- Code EMSC6022
- Unit Value 6 units
- Offered by Research School of Earth Sciences
- ANU College ANU Joint Colleges of Science
- Course subject Earth and Marine Science
- Areas of interest Earth and Marine Sciences, Astronomy and Astrophysics
This course has been adjusted for remote participation in Sem 2 2021, however students are encouraged to attend on-campus activities if possible.
How did the Earth form? How do planets form? How can we search for life beyond Earth? This course is an introduction to planetary science that tries to answer these questions. We will explore the solar system and exoplanets. We will step back in time to examine the earliest solar system, going back to the origin of the elements themselves and the processes that build new solar systems, planetary surfaces and planetary interiors. We will examine how planets are explored and modelled using theory, experiments and field studies. We will study the essential ingredients for life on planets and strategies to search for life beyond Earth.
NOTE: Graduate students will attend joint classes with undergraduates, but will be assessed under a different scheme, which will require a greater level of conceptual understanding.
Upon successful completion, students will have the knowledge and skills to:
- Explain, in scientific terms, the astronomical context of planet formation in our solar system and exoplanetary systems, and the evolution of planetary bodies.
- Recognise key visual aspects of planets and exoplanets through observations.
- Apply data and approaches used on Earth (e.g., experimental data and field analog sites) to other planetary bodies.
- Demonstrate laboratory skills through a range of modules requiring, for example, models of orbital dynamics, descriptions of rocks from the solar system, and crater counting methodology for Mars and Moon.
- Critically evaluate a planetary science topic
A nominal trip fee of $50 will be levied via Science Shop .
- Short Pre-Lab Online Quizzes (20) [LO 1,2,3,4]
- Research Essay and Presentation (30) [LO 1,2,5]
- Peer-review of Other Students' Research Essays & Presentations (10) [LO 1,5]
- Lab Book (10) [LO 1,2,3,4]
- Final Exam (30) [LO 1,2,3,4]
- Graduate students will be assessed at a higher level that will require greater conceptual insights and more advanced scientific understanding. (null) [LO null]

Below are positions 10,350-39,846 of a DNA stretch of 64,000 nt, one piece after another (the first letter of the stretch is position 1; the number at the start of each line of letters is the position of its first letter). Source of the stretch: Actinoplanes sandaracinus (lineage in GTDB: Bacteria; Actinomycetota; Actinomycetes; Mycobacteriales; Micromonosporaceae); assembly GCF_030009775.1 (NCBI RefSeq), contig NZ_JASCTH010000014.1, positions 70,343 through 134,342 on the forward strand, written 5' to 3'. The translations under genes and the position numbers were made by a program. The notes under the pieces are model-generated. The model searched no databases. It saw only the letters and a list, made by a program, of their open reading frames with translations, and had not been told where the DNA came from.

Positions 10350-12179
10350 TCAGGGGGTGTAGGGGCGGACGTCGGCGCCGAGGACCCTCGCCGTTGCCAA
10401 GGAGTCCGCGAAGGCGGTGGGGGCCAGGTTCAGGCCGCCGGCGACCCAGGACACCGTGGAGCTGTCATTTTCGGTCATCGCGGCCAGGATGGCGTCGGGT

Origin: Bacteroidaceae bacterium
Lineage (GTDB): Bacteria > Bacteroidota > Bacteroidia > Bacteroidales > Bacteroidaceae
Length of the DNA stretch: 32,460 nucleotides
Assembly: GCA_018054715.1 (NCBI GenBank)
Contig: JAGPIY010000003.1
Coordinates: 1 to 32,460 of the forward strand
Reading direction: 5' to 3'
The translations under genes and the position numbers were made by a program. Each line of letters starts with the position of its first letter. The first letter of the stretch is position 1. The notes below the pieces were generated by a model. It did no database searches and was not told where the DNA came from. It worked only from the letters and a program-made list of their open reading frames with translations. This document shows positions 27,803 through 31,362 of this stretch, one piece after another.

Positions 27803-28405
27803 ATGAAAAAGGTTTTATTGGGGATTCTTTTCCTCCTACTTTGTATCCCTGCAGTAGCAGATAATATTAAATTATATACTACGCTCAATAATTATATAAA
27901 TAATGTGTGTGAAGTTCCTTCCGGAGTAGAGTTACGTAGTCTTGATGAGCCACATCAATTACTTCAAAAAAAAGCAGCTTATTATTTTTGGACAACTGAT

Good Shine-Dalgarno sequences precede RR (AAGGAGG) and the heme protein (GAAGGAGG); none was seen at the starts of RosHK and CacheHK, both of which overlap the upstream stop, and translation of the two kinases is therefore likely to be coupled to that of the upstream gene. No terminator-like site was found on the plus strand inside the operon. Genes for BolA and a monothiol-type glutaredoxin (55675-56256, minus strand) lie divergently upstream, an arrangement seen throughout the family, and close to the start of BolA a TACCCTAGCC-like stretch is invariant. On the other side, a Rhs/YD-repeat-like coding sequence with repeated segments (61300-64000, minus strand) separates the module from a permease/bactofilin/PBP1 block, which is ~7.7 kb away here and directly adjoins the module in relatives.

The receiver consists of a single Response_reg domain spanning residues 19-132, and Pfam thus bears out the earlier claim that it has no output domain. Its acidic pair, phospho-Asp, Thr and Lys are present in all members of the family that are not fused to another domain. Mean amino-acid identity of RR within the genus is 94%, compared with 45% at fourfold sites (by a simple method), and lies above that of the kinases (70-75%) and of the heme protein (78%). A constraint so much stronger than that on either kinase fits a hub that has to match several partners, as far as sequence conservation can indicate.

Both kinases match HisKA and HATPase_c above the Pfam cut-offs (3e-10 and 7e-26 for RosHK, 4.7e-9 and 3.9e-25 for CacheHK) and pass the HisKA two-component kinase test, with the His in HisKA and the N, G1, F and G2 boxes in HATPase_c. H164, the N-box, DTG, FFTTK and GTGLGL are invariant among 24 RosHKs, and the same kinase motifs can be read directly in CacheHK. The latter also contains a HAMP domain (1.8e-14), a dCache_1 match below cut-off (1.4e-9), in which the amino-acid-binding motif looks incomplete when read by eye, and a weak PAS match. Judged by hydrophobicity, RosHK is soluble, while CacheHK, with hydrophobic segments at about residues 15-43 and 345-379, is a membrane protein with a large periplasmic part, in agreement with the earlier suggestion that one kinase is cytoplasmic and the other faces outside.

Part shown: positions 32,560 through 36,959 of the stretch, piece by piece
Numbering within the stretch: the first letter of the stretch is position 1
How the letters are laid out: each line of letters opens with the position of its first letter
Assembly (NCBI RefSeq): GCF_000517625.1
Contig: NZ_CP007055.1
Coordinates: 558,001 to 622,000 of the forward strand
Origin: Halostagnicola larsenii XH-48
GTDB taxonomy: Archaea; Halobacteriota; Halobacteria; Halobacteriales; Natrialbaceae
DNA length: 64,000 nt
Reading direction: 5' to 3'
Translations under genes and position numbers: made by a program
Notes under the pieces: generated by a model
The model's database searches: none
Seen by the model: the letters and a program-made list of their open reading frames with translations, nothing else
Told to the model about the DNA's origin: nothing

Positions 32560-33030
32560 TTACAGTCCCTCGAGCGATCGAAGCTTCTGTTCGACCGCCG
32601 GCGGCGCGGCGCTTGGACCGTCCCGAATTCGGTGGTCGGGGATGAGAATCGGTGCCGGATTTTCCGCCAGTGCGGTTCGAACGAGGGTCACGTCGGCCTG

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The expected workload will consist of approximately 130 hours throughout the semester including:
- Face-to face component which may consist of 1 x 2 hour tutorial plus 1 x 3 hour tutorial/lab per week
- A couple of excursions associated with the course. For example: 1) an evening field trip to the ANU Stromlo Observatory early in the semester; 2) a trip during a course time to the UNSW, Canberra Impact Dynamics Laboratory; 3) a weekend day-trip to the Deep Space Network facility at Tidbinbilla; and 4) a weekend day-trip to field sites in NSW that are analogs for environments on Mars.
- Approximately 45 hours of self-study which will include preparation for lectures, presentations and other assessment tasks.
To be determined
Requisite and Incompatibility
McSween et al. (2019) Planetary Geoscience. Cambridge University Press. 334 pp.
Tuition fees are for the academic year indicated at the top of the page.
Commonwealth Support (CSP) Students
If you have been offered a Commonwealth supported place, your fees are set by the Australian Government for each course. At ANU 1 EFTSL is 48 units (normally 8 x 6-unit courses). More information about your student contribution amount for each course at Fees.
- Student Contribution Band:
- Unit value:
- 6 units
If you are a domestic graduate coursework student with a Domestic Tuition Fee (DTF) place or international student you will be required to pay course tuition fees (see below). Course tuition fees are indexed annually. Further information for domestic and international students about tuition and other fees can be found at Fees.
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